7 Element Performance Criteria 1.2 Manage Project Scope Implement agreed scope management procedures and processes in accordance with the scope management plan Use agreed key performance indicators to monitor the effectiveness of scope delivery against agreed project outcomes Identify and manage the impact of scope change within the established governance framework 1.3 Review scope management outcomes Review and record project progress, issues and outcomes to assess the effectiveness of scope management on an ongoing basis Identify scope management lessons learned and recommend improvements to higher project authority for application in projects Range Indicators The project life cycle starts at the time that a project is conceived and completes when the desired outcomes have been achieved. Project authorisation may already have been decided before involvement of the individual, or it may be required at a number of critical review points throughout the project. It may be in the form of a scope statement that briefly explains why the project has been formed, what it hopes to achieve and how success will be measured. Project deliverables may include all products and services defined within the project scope. Scope may be comprehensively defined at the beginning of the project, or it may be progressively refined as the accuracy of information improves and understanding of the requirement is clarified Scope may be expressed in a scope statement covering any measurable or observable elements that would demonstrate that the project purpose has been met. Scope measurement factors may include: percentage operating or overhead cost reduction quantified performance or efficiency increase quantified revenue or market share increase other means of measurement Scope management plan covers product/ service requirements, scope definition, the work breakdown structure, scope verification, scope control processes, scope baseline, project charter, project scope statement Scope definition may be expressed by designated, clearly defined boundaries, such as: product breakdown structure (a cascade of products, sub-products, assemblies and components), organisation breakdown structure (a cascade of resource types, skill types or activities), work breakdown structure (a cascade of the products and work activities), and/or some other form which comprehensively defines products and activities. Scope management may include: progressive refinement of scope throughout project life cycle identifying and reporting scope creep FEBRUARY 2010 Version 1.12 Page 4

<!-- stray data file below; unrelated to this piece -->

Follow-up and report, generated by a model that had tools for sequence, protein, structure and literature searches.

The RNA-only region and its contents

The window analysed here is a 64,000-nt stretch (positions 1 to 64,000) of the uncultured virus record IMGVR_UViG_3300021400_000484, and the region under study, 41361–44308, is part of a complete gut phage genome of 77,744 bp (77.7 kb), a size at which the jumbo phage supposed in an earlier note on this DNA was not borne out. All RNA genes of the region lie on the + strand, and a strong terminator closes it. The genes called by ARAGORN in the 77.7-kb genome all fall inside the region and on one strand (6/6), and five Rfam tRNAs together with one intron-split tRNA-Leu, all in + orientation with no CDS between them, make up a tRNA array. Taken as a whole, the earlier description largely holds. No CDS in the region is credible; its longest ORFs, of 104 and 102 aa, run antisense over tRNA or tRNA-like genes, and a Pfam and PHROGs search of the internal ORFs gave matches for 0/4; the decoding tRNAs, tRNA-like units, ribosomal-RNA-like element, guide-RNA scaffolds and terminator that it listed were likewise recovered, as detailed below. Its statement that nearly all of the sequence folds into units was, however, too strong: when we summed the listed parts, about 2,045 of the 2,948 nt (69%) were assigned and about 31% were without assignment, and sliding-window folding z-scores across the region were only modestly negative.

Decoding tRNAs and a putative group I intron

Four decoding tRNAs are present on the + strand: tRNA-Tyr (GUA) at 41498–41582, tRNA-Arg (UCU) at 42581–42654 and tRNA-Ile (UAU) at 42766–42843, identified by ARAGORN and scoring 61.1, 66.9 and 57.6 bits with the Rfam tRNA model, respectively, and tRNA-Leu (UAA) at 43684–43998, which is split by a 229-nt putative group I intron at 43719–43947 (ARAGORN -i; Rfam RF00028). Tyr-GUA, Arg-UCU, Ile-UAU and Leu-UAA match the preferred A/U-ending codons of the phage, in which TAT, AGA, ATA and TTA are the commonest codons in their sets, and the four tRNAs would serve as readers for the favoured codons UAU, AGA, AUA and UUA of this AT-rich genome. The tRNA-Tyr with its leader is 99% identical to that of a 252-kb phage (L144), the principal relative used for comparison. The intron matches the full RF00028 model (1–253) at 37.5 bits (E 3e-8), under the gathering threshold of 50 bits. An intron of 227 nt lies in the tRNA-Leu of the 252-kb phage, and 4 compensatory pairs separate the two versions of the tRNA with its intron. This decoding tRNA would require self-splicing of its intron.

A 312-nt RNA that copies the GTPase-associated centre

8 identifying factors which influence changes to scope determining that a scope change has occurred or is about to occur seeking authorisation for changes to project scope implementing agreed scope changes monitoring and reporting the effect of scope changes on other areas and on achievement of project objectives Change control procedures may be required for: major elements of the project liable to change, e.g. design, engineering, finance project documentation, including plans, schedules, statements, directives, guidelines and instructions formal agreements, e.g. contracts, sub-contracts, memoranda of understanding External dependencies may include: customer furnished information, equipment Underpinning Knowledge and Skills A broad knowledge and understanding of: organisational processes leading to project authorisation, start-up and designation of project manager the place of scope management and scope control in the context of the project life cycle the need for scope definition during project start-up and ongoing during the project life cycle methods to define products and activities, e.g. work, organisation and product breakdown structures the components of a scope statement the practice of change control Skills business literacy skills sufficient to interpret and analyse project plans and documentation planning and organising skills to monitor scope and to respond to potential and actual changes problem-solving and analytical skills to address project scope management issues and challenges negotiation skills to address changes to scope with a range of stakeholders Evidence Guide The following documentation or components of the documentation, completed by the individual, can provide supporting evidence: project scope documentation, including plans, schedules, statements, directives, guidelines and instructions the project charter, statement of work, responsibility matrix and communication plan work breakdown, product breakdown and organisation breakdown structures other scope definition documents change requests/change orders records of control of scope changes records that analyse scope and incorporate lessons learnt FEBRUARY 2010 Version 1.12 Page 5